The Common Civil Calendar and Time

By on January 5, 2005

Dick Henry, a Professor at Johns Hopkins University, has a problem with the Gregorian Calendar System. His beef with the 365 day year is that it horks up the class schedules he prints up for his students, what with the dates ending up on different days of the week from one year to the next.

His solution? Rewrite the calendar. His proposed 364 day calendar has twelve months, with either 30 or 31 days in each, plus a bonus “Newton” week every five or six years.

The more I think about it, the more the idea grows on me… Christmas and January 1 will always be on a Sunday; no more trying to remember the tricks to help remember which months hath 31 days and which don’t; no more buying a new calendar every year; you could paint one on the wall instead.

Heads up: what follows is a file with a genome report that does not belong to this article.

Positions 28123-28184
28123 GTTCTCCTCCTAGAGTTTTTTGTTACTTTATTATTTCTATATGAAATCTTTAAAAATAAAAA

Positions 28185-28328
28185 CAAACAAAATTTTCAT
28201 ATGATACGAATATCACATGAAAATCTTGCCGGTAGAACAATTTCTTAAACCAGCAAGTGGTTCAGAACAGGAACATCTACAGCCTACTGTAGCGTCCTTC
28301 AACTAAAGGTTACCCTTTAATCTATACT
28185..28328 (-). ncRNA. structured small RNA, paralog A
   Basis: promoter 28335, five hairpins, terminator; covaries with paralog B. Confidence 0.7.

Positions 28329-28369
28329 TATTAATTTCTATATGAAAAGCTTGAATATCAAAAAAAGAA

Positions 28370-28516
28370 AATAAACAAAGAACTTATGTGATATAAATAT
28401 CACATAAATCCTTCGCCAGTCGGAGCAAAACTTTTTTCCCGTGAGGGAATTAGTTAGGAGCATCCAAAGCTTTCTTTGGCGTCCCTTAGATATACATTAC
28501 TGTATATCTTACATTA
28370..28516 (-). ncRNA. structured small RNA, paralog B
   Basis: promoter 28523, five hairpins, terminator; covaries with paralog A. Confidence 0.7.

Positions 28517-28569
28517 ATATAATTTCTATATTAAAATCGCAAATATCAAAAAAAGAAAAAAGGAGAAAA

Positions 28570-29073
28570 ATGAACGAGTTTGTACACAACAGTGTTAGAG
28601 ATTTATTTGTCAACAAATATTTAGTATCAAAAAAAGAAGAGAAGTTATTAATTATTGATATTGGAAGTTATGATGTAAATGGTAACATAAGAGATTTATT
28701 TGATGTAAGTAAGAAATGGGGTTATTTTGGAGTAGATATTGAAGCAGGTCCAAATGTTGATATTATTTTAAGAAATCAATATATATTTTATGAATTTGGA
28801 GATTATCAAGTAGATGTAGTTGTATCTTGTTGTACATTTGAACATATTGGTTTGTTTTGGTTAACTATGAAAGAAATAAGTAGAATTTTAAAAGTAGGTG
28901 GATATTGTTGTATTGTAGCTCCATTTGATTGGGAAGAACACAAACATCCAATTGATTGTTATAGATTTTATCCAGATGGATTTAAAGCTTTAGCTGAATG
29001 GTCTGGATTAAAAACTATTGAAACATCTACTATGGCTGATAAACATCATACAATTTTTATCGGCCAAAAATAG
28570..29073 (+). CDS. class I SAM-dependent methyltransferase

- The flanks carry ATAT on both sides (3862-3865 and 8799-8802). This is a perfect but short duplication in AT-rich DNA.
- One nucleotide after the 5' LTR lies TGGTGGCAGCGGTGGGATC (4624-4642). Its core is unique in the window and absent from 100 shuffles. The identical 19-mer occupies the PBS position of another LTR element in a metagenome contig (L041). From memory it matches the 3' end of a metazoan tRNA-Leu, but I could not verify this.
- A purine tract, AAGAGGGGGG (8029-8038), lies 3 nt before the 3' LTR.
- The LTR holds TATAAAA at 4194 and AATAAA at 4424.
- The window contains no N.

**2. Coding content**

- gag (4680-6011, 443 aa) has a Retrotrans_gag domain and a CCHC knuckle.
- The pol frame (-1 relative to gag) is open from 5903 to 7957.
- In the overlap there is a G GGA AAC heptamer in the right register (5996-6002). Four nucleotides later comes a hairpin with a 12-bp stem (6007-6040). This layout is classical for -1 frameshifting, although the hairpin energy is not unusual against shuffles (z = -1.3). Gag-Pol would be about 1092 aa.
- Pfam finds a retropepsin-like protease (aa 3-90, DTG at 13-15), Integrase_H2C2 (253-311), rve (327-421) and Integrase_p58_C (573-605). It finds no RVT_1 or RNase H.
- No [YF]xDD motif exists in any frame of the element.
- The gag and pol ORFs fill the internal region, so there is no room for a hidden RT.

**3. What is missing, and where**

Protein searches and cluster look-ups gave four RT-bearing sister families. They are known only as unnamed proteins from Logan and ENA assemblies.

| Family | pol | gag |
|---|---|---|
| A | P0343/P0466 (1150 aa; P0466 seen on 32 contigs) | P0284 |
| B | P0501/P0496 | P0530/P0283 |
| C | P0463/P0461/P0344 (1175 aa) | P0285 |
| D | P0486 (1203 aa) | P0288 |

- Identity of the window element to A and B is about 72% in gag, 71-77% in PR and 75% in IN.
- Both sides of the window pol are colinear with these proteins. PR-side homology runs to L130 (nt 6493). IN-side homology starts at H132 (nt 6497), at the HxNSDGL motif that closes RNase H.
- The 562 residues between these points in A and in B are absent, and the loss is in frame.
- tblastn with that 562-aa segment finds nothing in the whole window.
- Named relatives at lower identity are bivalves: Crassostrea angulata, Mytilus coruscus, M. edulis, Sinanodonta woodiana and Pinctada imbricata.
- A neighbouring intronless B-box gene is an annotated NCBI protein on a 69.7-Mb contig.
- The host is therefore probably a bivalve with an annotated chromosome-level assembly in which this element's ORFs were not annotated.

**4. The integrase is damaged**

His proposal doesn’t stop with the calendar; he also contends that we should be using a common 24-hour time system — Universal Time — so that when it’s 1200 in Sioux Falls, SD, it’s also 1200 in Timbuktu. One aspect of this concept might give me some trouble; 1200 would be the equivalent of 6am Central Standard Time (near as I can figure at this time of day.)



  1. “Christmas and January 1 will always be on a Sunday”

    What about my day(s) off, then? Having both holidays on saturday this year was a bummer already.

  2. actually, when they came up with the christian calendar as it is now…they miscalculated.

    it should be 2009 right now. (Christ was born in 4 BC).

    or at least, that is what the History Channel told me :)

  3. This has been tried before. This guy’s approach is different because he maintains the seven day week, which keeps the Sabbath holy or something. But still, there have been alternate calendars around for hundreds of years. None have ever caught on, and I doubt they ever will.

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